Activity #4: The Stocking Story: You Be The Historian
This activity has three parts:
When Du Pont decided to develop nylon into a commercial fiber, the company specifically intended to use it to compete with silk in the women's hosiery market. The choice was deliberate, strategic, and significant. Years of research devoted to targeting this particular market proved enormously successful.
"Nylons," as they were soon called, eventually replaced silk stockings. Neither resembled the "panty hose" many women wear today. Covering only about two-thirds of a woman's leg, from the feet to mid-thigh, stockings were fastened with garters and a belt. They were knitted on highly complex machines. Women could buy them in either "full-fashioned" form with seams at the back or "seamless." One-piece sheer "panty hose" were not developed until the 1960s.
Cultural adjustment to the hosiery made of the new fiber took time. Available to consumers nationwide by 1940, nylon stockings did not become a part of everyday life immediately or automatically. Many forces and events contributed to creating the social meaning of this new product--the 1939 New York World's Fair, World War II, an enthusiastic press response, consumer tests and surveys, retail and marketing programs, and technical issues of manufacture and testing.
When America entered World War II, first silk and then nylon were commandeered by the federal government (specifically the War Production Board) to supply defense needs. Overnight, stockings made of any materials became hard to find. Nylon became important to the war effort because it was used, for example, in parachutes and tires. On the home front, the popular press presented nylon as a miracle of technology that Americans could again enjoy when the war ended.
The history of nylon stockings has never been written. Your assignment is to be the historian and write it. The story you will tell describes both the introoduction of a new consumer product in the U.S. in 1938 and the impact of World War II on everyday life. Documents (mainly magazine articles) and oral histories will serve as your evidence.
Write an essay based on the attached documents. Included are some questions about the documents to get you started. Remember that every essay should have a thesis in addition to telling a story. You can't just answer the questions included here; you need to choose a point you want to make and provide evidence to support your contention.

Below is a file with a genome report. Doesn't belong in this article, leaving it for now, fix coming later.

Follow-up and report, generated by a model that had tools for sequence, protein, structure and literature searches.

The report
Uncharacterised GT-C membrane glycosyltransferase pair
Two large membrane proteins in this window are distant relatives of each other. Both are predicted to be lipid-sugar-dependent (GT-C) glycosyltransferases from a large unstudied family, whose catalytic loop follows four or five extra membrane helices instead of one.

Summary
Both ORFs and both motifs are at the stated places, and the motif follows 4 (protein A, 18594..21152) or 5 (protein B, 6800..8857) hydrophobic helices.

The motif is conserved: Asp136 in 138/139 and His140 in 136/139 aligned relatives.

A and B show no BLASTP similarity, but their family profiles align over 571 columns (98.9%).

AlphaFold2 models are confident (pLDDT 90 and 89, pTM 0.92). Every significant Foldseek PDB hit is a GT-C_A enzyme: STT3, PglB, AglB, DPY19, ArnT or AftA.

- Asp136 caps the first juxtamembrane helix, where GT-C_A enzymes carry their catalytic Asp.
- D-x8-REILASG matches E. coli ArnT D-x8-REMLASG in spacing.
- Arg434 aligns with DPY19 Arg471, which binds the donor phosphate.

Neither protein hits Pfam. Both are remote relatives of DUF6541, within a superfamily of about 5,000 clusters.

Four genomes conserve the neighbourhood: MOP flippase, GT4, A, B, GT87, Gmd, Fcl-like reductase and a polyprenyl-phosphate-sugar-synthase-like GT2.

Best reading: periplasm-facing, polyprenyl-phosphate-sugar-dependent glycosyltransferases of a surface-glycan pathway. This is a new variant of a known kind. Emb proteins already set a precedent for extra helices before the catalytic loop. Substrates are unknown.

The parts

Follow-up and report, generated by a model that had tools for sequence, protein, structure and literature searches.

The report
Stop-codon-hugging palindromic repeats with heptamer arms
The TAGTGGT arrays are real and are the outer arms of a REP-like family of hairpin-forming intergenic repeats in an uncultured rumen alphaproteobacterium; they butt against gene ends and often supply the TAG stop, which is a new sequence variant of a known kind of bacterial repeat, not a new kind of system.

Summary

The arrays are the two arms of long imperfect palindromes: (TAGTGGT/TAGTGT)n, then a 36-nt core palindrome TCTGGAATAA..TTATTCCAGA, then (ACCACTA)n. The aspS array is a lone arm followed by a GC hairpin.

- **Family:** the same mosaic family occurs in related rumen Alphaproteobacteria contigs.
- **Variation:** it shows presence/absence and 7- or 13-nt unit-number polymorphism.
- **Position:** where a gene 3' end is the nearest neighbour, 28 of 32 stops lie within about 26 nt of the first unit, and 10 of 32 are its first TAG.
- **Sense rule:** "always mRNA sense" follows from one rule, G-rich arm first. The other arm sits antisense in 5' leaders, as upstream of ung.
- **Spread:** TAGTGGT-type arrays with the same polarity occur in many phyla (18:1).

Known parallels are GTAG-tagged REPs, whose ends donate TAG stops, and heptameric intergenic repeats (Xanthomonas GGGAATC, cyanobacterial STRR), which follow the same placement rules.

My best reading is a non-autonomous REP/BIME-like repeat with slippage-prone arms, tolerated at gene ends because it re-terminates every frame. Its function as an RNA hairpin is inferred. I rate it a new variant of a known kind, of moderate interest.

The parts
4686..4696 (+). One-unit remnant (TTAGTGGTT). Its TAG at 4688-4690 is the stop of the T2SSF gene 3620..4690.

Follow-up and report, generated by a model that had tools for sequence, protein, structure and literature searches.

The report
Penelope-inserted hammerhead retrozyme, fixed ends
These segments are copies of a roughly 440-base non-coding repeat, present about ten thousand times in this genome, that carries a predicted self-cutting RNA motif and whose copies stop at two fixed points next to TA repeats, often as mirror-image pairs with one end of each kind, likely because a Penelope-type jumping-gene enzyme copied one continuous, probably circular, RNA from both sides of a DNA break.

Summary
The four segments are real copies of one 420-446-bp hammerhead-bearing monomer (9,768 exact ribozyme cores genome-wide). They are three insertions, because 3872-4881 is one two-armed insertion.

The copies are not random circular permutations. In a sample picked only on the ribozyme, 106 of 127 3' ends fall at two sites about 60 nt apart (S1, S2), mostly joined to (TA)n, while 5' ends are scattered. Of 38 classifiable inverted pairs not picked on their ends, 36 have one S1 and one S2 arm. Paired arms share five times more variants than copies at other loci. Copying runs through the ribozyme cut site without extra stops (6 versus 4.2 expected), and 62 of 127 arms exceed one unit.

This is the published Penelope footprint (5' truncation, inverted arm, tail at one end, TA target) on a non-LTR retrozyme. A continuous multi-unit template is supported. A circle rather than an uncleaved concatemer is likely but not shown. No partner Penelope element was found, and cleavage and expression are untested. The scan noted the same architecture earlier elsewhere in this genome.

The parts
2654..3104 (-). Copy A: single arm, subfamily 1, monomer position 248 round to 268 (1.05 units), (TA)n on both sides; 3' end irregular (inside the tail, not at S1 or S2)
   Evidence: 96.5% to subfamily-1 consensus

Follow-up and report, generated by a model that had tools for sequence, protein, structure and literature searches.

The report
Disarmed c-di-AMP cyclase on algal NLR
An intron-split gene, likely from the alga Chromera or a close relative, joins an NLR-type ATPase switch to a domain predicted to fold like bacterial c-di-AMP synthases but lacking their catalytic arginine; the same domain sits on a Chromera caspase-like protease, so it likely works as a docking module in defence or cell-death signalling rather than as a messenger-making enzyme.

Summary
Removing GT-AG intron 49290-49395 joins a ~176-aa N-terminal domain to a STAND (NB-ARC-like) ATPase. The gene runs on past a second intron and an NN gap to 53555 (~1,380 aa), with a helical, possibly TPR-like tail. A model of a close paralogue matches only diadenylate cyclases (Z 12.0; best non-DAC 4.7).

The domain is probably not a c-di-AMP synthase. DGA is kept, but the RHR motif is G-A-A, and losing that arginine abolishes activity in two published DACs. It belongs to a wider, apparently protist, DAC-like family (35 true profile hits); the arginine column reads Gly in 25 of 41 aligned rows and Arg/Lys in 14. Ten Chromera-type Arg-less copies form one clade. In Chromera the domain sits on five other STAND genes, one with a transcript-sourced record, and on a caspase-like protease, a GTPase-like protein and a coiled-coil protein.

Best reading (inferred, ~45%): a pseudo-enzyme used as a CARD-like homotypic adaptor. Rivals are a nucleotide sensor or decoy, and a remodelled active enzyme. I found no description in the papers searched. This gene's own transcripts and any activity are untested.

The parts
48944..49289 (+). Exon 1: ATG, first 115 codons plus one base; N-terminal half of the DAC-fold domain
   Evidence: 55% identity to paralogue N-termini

What To Do
Not all of the articles listed here are linked. Unlinked articles may be obtained at a library.
"Textiles: No. 2,130,948," Time, October 3, 1938, p 47-8.
Du Pont Co. Press Release. October 28, 1938.
"Nylon Sellout, Newsweek, May 27, 1940, pp 65-66.
"Nylon," Life, June 10, 1940, pp 60-1.
"Stocking Panic," Business Week, August 9, 1941, p24.
"Hosiery Woes," Business Week, February 7, 1942, pp 40-3.
"A Woman Complains," Business Week, October 3, 1942, p87.
"Nylon After the War," Science News Letter, January 9, 1943, p19.
"Nylon in Tires," Scientific American August 1943, p 78.
Beatrice Oppenheim, "Post War Jobs For Nylon," New York Times Magazine, November 5, 1944, p 37.
Edith Efron, "Legs are Bare Because They Can't Be Sheer," New York Times Magazine, June 24,1945, p 17.
"Bootleg Nylons," Readers Digest, February 1945, pp 66-8.
What To Do
Interview a woman who remembers when nylon stockings were first available on the market or who bought stockings during World War II. You may want to first read the documents included in this exercise. Ask your subject the following questions and any others you think up.
During your interview, write down the answers so you can report on them to the class.
Oral History Questions
After the interview, think about the following questions.
* What kind of information have you learned?
* How did your informant feel about your questions? Did she take the subject seriously? Why or why not?
* What other information would you need in order to tell "The Stocking Story" and where could you get it?
Class Discussion: Comparing Documents and Oral Histories as Historical Evidence
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Last Revision: 6/5/98